An Ethnography of Feeding, Perception, and Place in the Peruvian Andes (where Hungry Spirits Bring Illness and Wellbeing)

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Drawing on anthropological field work, this ethnographic study by Marieka Sax proposes that an Andean “idiom of feeding” is enacted in a variety of everyday and ritual contexts so as to establish relationships, advance agricultural and market-based economies, and restore health. The book asserts that the process of feeding others carries with it a sense of self-identification for the people of the Peruvian Andes and that feeding as a ritual, is highly connected to Andean spirits who extend life-giving energy, productivity, and general well-being. The study of feeding and the cultural context given to it through language, presents to the reader local, national, and global connections with the people of the Peruvian Andes.


“It says something about our community of practice when a young researcher opts for philosophy to justify ethnographic inquiry, engage[s] with established work, and discuss questions of continuity and dislocation within a cultural tradition. But in finest Andean fashion, the inside of our discipline is dramatically renewed by a serious engagement with the outside. The lucidity of description and analysis in this book, its sensitivity to both grounding and movement, and its principled refusal of neoliberal modernization narratives all point to better days ahead. “-Prof. Peter Gose, Carleton University

“…explores ideas and practices related to migratory movement between rural and urban areas in a variety of places. Relationship to places is an important perspective to understanding how Andean people conceptualize new situations and how they reassert efficacy.”-Prof. Sarah Lund, University of Oslo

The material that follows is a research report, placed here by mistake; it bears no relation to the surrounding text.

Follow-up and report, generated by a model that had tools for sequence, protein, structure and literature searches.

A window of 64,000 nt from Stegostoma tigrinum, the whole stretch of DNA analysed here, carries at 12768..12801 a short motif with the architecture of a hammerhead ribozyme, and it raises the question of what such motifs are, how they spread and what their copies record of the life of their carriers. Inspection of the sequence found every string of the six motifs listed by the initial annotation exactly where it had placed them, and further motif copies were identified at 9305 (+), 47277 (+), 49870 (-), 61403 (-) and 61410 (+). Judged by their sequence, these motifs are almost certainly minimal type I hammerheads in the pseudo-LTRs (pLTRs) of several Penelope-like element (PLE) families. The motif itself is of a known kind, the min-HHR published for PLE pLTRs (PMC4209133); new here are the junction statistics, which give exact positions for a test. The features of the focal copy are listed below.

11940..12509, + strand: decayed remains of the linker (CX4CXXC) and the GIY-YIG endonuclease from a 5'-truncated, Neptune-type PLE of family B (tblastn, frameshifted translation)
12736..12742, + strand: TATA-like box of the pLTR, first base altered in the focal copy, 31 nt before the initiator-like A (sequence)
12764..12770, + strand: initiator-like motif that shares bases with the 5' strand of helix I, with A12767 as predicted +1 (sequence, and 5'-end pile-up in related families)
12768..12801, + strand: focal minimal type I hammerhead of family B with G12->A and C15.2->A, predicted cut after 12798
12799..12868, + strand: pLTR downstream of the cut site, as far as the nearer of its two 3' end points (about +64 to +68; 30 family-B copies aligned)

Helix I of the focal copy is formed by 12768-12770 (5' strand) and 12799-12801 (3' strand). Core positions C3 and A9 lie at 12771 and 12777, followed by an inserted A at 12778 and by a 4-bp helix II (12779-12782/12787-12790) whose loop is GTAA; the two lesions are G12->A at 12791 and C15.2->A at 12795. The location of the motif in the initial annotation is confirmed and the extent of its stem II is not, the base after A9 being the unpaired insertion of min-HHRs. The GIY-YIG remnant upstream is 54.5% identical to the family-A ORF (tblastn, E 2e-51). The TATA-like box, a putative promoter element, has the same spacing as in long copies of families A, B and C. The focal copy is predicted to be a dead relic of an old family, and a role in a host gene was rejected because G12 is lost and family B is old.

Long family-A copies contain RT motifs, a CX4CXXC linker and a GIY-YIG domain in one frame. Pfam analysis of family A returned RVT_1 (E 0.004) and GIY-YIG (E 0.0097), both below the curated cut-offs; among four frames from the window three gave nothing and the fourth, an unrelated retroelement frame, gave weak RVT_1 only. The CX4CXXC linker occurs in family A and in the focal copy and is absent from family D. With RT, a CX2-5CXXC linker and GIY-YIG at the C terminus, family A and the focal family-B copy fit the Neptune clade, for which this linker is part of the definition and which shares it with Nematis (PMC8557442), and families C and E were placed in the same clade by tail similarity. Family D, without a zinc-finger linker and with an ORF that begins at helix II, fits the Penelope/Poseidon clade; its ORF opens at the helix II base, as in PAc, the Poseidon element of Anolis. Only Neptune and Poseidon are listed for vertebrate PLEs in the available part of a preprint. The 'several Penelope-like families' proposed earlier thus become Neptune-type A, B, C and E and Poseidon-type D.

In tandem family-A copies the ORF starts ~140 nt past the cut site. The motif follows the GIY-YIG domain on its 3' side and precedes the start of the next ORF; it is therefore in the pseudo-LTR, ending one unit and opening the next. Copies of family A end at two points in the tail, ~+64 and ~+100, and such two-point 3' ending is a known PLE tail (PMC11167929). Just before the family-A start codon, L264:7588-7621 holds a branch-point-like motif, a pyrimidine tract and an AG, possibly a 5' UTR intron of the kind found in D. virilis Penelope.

“This publication contributes to fill the shortage of ethnographic works on the indigenous population of the contemporary Central Andes. [The author] collected information includes important data and testimonies about rituals, oral tradition and native language in the region where she did fieldwork.”-Prof. Juan Javier Rivera Andía, University of Bonn

Table of Contents

Foreword by Peter Gose


Chapter 1: Feeding, Perception, and Place
Three ethnographic moments
Summary of the overall discussion

Chapter 2: From Lima to Huancavelica
The “Bautista” family
Market days: a taste of Paucará
The importance of the cash economy
The ethnographic problem of place

Chapter 3: Hungry Places and Wellbeing
Mountain spirits and agricultural production
The herranza: animal fertility rituals
The ambivalent power of mountain spirits
The mesa: feeding hungry spirits
Chapter summary

Chapter 4: The Social Importance of Feeding
Feeding and symbolic communication
Feeding guests
Gifts of food
Reciprocity and social advancement
Commensality and overabundance
Work relations and prestige
Feeding and social memory
Chapter summary

Chapter 5: Feeding as a Force of Production and Advancement
Reciprocal feeding and reciprocal work
Feeding and agricultural production
Feeding and the fertility of money
Feeding, reciprocity, and urban livelihoods
Feeding as exchange, circulation, and sacrifice
Ritual offerings, luck, and non-agricultural productivity
Chapter summary

Chapter 6: Place and Sickness
Departure and the non-productivity of place
Sickness and urban migration
Feeding as a curative response to illness
Evangelical Protestantism in relation to place-based illness
Sickness and religious conversion
Chapter summary

Conclusion: Feeding and the Andean Horizon



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